Durham Connects RCT Evaluation
|ClinicalTrials.gov Identifier: NCT01406184|
Recruitment Status : Active, not recruiting
First Posted : August 1, 2011
Last Update Posted : April 10, 2018
The aim of this randomized controlled trial (RCT) is to evaluate the impact and mechanisms of the Durham Connects (DC) brief universal nurse home-visiting program to prevent child maltreatment and improve child well-being. It is the first-ever RCT of a home-visiting program that is designed to prevent child maltreatment in an entire community population.
Evaluation of program impact will test three hypotheses: 1) Random assignment to the Durham Connects Program will be associated with lower rates of child maltreatment and emergency department maltreatment-related injuries, better pediatric care, better parental functioning, and better child well-being than assignment as control; 2) Intervention effect sizes will be larger for higher-risk groups; and 3) Community resource use and enhanced family functioning will mediate the positive impact of Durham Connects on outcomes.
|Condition or disease||Intervention/treatment||Phase|
|Unspecified Child Maltreatment, Suspected Unspecified Child Maltreatment, Confirmed||Other: Durham Connects||Not Applicable|
Show Detailed Description
|Study Type :||Interventional (Clinical Trial)|
|Actual Enrollment :||2329 participants|
|Intervention Model:||Parallel Assignment|
|Masking:||Single (Outcomes Assessor)|
|Official Title:||RCT Evaluation of the Durham Connects Universal Newborn Nurse Home Visiting Program|
|Study Start Date :||July 2009|
|Estimated Primary Completion Date :||December 2022|
|Estimated Study Completion Date :||December 2022|
Experimental: Durham Connects Eligible Group
From July 1, 2009 - December 31, 2010, all even-birth-date residential births in Durham County, North Carolina were randomly assigned to receive the Durham Connects nurse home visiting program.
Other: Durham Connects
The program consists of 4-7 intervention contacts, including 1) a hospital birthing visit when a staff member schedules an initial home visit; 2) 1-3 nurse home visits between 3-12 weeks of infant age to provide physical assessments for infant and mother, intervention and education, assessment of family-specific needs, and connections to matched community resources, as needed, to provide longer-term support; 3) 1-2 nurse contacts with community service providers to facilitate successful connections; and 4) a telephone follow-up one month after case closure to review community connection outcomes. With family consent, letters from the program reporting on the visit are also provided to also connect families to maternal and infant healthcare providers for ongoing support.
No Intervention: Control Group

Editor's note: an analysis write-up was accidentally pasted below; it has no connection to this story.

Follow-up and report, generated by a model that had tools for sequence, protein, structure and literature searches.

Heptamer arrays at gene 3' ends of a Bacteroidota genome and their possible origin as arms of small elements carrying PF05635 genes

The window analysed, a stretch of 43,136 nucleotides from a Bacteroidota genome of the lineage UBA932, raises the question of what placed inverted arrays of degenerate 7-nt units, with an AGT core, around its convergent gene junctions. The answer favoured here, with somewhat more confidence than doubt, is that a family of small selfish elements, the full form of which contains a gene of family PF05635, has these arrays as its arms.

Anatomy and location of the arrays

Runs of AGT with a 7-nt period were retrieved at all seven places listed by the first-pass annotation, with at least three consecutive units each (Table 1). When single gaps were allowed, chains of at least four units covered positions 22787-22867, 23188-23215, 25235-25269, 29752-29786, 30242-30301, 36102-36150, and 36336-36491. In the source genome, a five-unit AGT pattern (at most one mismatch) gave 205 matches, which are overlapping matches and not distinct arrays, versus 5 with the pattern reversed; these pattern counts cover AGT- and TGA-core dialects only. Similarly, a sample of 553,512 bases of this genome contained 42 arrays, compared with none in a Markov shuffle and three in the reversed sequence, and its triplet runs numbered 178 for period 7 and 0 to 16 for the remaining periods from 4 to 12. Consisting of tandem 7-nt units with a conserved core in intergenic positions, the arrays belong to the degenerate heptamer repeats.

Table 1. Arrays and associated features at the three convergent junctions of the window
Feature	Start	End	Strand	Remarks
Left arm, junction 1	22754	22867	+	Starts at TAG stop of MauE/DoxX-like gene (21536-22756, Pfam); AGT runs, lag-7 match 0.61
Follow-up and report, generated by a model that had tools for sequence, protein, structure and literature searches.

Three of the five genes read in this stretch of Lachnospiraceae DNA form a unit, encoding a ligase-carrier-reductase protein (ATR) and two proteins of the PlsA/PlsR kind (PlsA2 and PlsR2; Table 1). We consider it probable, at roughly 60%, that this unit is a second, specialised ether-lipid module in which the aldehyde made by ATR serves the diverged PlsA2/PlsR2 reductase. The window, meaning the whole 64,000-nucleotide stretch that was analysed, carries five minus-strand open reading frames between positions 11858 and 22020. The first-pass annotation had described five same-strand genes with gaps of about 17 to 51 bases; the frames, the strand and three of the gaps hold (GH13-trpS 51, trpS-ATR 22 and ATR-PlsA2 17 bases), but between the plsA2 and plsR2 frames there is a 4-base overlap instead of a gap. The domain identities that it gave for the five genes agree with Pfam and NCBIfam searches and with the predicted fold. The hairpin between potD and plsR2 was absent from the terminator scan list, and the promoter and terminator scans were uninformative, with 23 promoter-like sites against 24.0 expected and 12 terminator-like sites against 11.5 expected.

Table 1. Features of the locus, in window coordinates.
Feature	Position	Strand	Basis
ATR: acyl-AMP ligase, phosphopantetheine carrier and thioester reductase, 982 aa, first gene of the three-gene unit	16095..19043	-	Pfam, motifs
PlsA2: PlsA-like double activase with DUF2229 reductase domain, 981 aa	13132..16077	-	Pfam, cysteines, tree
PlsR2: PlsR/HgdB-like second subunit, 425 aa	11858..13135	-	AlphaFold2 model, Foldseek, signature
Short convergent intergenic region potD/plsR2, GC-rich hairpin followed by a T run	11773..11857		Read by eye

From July 1, 2009 - December 31, 2010, all odd-birth-date residential births in Durham County, North Carolina were randomly assigned to a control group condition. These families were assigned to receive services as usual and served as the randomized comparison group for evaluating Durham Connects program impact.
- DSS Investigated and Substantiated Child Maltreatment Rates [ Time Frame: 0 - 12 Years of Child Age ]North Carolina Department of Social Services (DSS) reported lifetime cases of investigated and substantiated maltreatment caseness
- Child Emergency Room (ER) Presentation Rates [ Time Frame: 0 - 12 Years of Child Age ]Lifetime child emergency department visits reported in hospital administrative records
- Child Overnight Stays in Hospital [ Time Frame: 0 - 12 Years Months of Child Age ]Lifetime child overnight stays in hospital for all overnight stays unrelated to the birthing stay as reported in hospital administrative records.
- Child Postnatal Well-Care Compliance Rates [ Time Frame: 0 - 24 Months of Child Age ]Rates of child compliance with well-care pediatric visits as reported by the mother
- Child Social-Emotional Competence and Behavior Problems [ Time Frame: 24 - 66 Months of Child Age ]Mothers complete the Head Start Competence Scale (Domitrovich et al., 2001), measuring child social and emotional skills central to interpersonal relationships and emotion regulation. Mothers also complete the ages 1.5-5 version of the Child Behavior Checklist (CBCL 1.5-5; Achenbach & Rescorla, 2001), a standardized measure assessing emotional and behavioral problems, including: 1) affective problems; 2) anxiety problems; 3) pervasive developmental problems; 4) Attention Deficit/Hyperactivity problems; and 5) Oppositional Defiant problems.
- Mother Mental Health [ Time Frame: 0-66 Months of Child Age ]Rates of mother depressive symptoms and anxiety symptoms as reported by the mother
- Family Connections to Community Services/Resources [ Time Frame: 0-66 Months of Child Age ]Rates of family connections to community resources and services as reported by the mother
- Mother Parenting Behaviors [ Time Frame: 0-66 Months of Child Age ]Rates of mother positive and negative parenting behaviors as reported by the mother or rated by an independent observer during in-home interviews or videotaped parent-child interactions
Please refer to this study by its ClinicalTrials.gov identifier (NCT number): NCT01406184
|United States, North Carolina|
|Center for Child and Family Policy, Duke University|
|Durham, North Carolina, United States, 27708|
|Principal Investigator:||Kenneth Dodge, Ph.D.||Duke University|
|Principal Investigator:||Robert Murphy, Ph.D.||Center for Child & Family Health|
|Principal Investigator:||Karen O'Donnell, Ph.D.||Center for Child & Family Health|
|Principal Investigator:||W. Benjamin Goodman, Ph.D.||Duke University|